Applying exterior siding and trim is a great way to both protect your home from the elements, as well as to add interest, color and texture to the structure. But, as property solutions manager Charlie Schloegel points out, siding is certainly not 'one size fits all.'
"You need to consider how much maintenance you're comfortable with, cost, and, of course, the style of your home before you choose what type of siding you want," Charlie said.
Below are varieties of exterior siding and trim to consider for your home:
Fiber cement siding combines wood pulp and cement to create an incredibly versatile and resilient material. It can look like stucco, wood or masonry, but wears like concrete, lasting up to 25 years. Fiber cement is flame, as well as insect resistant and typically sells for much less ($6 to $12 per square foot installed) than its traditional counterparts. The downside? Fiber cement can encounter moisture-related problems and homes built before the late 1980s may have siding that contains asbestos that requires a professional abatement contractor for removal. Charlie recommends checking out James Hardie to see how fiber cement may work in your home.
The style and function of stone siding need no explanation. Stone siding creates a warm and established look on a home and the materials are even more resistant to the elements than fiber cement siding. In fact, if maintained properly, stone siding can last the life of the house. Unfortunately, it can get expensive ($10 to $30 per square foot installed) and professional masonry may be required. An alternative may be to consider stone-veneer siding. Stone-veneer comes in natural and synthetic materials and is available in a wide variety of styles.
Wood siding offers a rich and classic style you'll often find on a bungalow or cottage exterior. It can come in clapboard, shakes and shingles at anywhere from $5 to $10 per square foot installed. Shingles can provide a smooth and consistent look, but you can also always customize the siding to include different shapes for a unique flare.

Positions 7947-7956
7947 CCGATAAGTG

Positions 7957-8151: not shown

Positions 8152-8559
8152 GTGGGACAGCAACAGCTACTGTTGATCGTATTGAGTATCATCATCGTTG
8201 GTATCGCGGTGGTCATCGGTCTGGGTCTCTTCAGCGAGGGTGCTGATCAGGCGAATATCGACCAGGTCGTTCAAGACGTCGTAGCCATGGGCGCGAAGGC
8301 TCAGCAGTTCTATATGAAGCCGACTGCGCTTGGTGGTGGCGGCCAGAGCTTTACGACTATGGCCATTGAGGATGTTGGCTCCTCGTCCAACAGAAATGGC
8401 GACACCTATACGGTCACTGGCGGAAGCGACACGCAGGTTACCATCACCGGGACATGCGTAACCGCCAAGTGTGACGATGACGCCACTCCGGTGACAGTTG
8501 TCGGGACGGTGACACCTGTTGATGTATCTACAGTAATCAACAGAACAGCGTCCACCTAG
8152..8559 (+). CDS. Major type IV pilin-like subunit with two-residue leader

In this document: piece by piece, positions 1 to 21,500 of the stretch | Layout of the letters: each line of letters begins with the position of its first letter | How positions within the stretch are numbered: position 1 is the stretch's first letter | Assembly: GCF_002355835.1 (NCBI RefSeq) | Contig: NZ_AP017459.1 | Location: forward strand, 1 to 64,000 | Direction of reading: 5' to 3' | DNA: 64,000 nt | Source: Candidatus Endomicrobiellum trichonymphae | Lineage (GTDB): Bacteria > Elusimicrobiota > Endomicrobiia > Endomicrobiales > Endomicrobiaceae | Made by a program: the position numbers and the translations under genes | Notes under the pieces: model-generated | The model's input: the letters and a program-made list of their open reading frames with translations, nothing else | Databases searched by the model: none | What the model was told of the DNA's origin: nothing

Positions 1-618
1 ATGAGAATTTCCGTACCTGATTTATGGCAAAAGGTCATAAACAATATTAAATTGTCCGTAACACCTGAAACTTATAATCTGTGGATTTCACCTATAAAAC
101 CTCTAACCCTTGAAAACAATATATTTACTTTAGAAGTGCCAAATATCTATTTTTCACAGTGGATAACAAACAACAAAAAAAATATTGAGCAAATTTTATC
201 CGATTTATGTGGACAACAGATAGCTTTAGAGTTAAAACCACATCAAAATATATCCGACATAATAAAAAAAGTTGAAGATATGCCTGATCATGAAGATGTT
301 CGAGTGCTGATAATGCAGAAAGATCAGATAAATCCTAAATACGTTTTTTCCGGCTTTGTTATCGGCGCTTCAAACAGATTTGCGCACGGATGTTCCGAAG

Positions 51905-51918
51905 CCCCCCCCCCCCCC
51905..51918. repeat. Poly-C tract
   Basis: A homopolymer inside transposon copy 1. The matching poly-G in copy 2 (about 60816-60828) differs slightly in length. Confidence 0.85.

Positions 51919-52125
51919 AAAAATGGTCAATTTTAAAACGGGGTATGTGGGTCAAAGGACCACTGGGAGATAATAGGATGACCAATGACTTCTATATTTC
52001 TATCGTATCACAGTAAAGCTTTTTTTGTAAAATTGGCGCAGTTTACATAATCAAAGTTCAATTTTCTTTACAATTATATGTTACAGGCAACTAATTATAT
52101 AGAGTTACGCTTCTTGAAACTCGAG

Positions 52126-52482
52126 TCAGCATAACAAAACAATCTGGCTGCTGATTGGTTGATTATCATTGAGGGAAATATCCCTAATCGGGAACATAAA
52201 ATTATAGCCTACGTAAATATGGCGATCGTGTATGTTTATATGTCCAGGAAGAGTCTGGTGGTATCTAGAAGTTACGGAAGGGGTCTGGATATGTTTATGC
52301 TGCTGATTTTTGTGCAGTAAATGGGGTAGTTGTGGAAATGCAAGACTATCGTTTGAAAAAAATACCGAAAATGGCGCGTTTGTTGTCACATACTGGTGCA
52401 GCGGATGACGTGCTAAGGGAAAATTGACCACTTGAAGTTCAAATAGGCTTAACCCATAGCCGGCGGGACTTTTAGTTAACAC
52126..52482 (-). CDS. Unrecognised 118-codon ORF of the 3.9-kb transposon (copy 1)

The biggest downside to wood siding is its durability. While some manufacturers offer siding treated with fire-retardant chemicals, it's largely susceptible to insect or rodent attacks and will need to be maintained regularly. Maintenance can include everything from chalking and painting to staining to prevent weather damage. If you're interested in wood siding, Charlie recommended speaking to the team at the Owen Lumber Company.
Known more commonly as vinyl siding, PVC siding is popular for its easy maintenance, low cost and versatility. While it was known for looking like plastic in the past, recent advances in the technology behind polyvinyl chloride (PVC) resin has improved its look dramatically to include a wide variety of colors and textures that closely resemble wood grain. Additionally, today's PVC siding is almost indestructible. It's fire, insect and fade resistant and some varieties can resist wind speeds up to 240 miles per hour. Many can install PVC siding, available in most home improvement stores, with relative ease and only a few tools.
While few homes are constructed from brick anymore, brick veneers can create the beautiful aesthetic popular in Colonial, Tudor or English cottage homes that will stand the test of time. The veneers are usually built outside of the home's wood frame structure, using mortar to hold the brick together. Craftsman also install a membrane between the home and veneer to protect the house from moisture leaking. Brick siding can last the life of a house, however the cost ($6 to $15 or more per square foot installed) of installation is typically higher than other siding alternatives.
Interested in learning more about exterior siding? Contact the Schloegel Handyman Service team today to get started!